In earlier columns, I’ve advocated using cluster patterns that involve marking eight 7-spots, all under eight numbers. Actually, one of my favorite clusters is to mark two such clusters, then "criss-cross" two or four other 8-spot tickets under the same numbers.
The result, as far as what the configuration looks like on the screen, is often two adjacent columns of eight numbers, such as the "8" and "9" columns, or the "3" and "4" columns, or the "cross over" first four and last four numbers in, say, the "1" row, coupled with the first four and last four numbers in the "2" row.
It would be helpful to look at the illustration to see how the 16 numbers are marked.
In the past few of weeks, I’ve been experimenting with new clusters that involve marking 16 numbers into similar configurations; that is, two groups of eight numbers that "contain" eight solid 7-spots in each, as well as a couple of solid 8-spots.
One particular cluster has been quite successful. It involves two groups of eight numbers, marked above and below the dividing line.
Before getting into that particular cluster, let’s review some odds of how frequently numbers will fall into your cluster of 16.
The dream, of course, is to have all the numbers drop in, resulting in hitting all 16 of your 7-spot tickets, as well as your two 8-spot tickets. But those odds are a staggering 5.56 trillion to 1!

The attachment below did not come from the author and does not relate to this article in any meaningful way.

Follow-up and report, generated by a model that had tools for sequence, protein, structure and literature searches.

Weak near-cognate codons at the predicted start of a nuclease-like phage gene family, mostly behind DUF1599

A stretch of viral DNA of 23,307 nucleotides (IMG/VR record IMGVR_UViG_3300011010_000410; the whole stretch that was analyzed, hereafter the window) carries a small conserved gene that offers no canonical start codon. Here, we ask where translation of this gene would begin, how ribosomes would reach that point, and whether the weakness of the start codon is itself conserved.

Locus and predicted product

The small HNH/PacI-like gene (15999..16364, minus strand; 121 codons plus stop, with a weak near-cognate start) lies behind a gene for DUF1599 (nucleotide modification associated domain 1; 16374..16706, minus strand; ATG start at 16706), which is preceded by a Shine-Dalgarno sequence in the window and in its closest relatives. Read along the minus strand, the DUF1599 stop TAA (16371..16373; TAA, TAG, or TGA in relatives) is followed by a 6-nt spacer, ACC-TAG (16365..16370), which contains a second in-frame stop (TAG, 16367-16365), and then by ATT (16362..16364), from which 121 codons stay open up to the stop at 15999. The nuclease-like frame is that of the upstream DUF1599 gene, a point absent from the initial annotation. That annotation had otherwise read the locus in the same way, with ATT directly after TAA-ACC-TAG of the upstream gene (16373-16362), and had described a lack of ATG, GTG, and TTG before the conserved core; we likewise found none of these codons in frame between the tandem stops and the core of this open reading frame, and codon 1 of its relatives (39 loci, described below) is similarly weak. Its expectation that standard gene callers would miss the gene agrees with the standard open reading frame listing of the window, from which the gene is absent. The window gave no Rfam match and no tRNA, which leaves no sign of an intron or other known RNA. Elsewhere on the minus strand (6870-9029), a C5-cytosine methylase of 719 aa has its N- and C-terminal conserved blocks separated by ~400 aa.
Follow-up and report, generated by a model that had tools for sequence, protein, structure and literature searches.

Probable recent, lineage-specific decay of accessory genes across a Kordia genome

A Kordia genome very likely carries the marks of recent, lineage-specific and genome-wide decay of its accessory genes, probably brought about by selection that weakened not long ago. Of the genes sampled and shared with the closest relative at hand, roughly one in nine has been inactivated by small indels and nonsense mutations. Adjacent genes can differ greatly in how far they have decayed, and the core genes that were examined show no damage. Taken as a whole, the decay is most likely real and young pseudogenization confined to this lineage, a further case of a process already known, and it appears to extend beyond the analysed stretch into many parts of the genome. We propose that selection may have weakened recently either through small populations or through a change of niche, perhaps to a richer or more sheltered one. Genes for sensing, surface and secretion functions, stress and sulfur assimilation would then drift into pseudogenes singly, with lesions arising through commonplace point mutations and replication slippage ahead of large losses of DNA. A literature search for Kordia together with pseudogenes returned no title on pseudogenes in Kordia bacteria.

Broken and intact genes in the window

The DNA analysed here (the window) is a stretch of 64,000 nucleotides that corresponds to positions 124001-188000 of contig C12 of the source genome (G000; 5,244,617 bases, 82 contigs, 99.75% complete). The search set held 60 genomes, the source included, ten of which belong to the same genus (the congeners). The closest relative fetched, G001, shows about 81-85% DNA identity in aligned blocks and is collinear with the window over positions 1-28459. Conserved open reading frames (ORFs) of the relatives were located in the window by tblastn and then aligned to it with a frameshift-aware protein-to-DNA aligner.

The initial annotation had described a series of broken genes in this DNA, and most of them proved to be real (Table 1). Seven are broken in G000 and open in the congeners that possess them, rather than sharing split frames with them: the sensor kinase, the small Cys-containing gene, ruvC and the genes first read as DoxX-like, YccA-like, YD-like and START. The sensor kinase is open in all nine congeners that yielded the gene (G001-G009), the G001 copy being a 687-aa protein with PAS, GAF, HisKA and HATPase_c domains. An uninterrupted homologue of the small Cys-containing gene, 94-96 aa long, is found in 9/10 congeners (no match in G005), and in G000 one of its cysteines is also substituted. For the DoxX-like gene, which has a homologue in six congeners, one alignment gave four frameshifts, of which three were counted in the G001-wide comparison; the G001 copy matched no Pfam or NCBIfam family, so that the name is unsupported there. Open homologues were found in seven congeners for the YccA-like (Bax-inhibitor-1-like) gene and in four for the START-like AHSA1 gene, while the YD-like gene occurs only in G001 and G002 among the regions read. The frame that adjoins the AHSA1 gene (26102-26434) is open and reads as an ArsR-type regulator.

It’s also off the charts to expect hitting 15 of 16 numbers (29 billion to 1), 14 of 16 numbers (392 million to 1), 13 of 16 numbers (10.1 million to 1) ”¦ well, you get the picture.
In reality, since I’ve been playing this cluster, the most I’ve hit was 11 numbers (at odds of 29,388 to 1, which is about 44 percent less than the odds of hitting a royal flush in video poker).
But you don’t really need that many numbers to cash a nice payoff. In this configuration, you get a nice payoff when you hit seven of your eight numbers (which results in a solid 7-spot and several 6-of-7’s in the multiple 7-spot configuration, or a 7-of-8 in the 8-spot ticket).
Most of the time, you’ll get three, four and five numbers, but occasionally you’ll catch seven, eight, nine and even 10 numbers. If you’re lucky, they’ll fall into the "right" cluster and pay handsomely.
Now, back to the new cluster pattern. As you can see, it involves a "mirror" image of eight numbers (which conceal eight solid 7-spots) as well as two solid 8-spots that share the common four numbers — 23, 33, 43 and 53).
This past weekend I played this pattern exclusively on a Multi Card Keno game (also known as 20-card keno), but it can also work on Four Card Keno (simply mark the top and bottom eight numbers as two 8-spots).
The result was several 7-of-8 hits into the top and bottom clusters (resulting in several solid 7-spots), and an equal number of 7-of-8 hits into the solid 8-spots. I also hit a solid 8-spot in the side-by-side tickets, but have yet to hit all eight of the top and bottom numbers. When that occurs, it will pay eight solid 7-spots, which amounts to about $11,000 when playing nickel denomination keno (with four coins bet on all cards).
I haven’t hit it yet, but maybe you will! Let me know if — and when! — you do.
(L.J. Zahm is the author of Cluster Keno: Using the Zone Method to Win at Video Keno. For a copy, send $19.95 to Cluster Keno, P.O. Box 46303, Las Vegas, NV 89114.)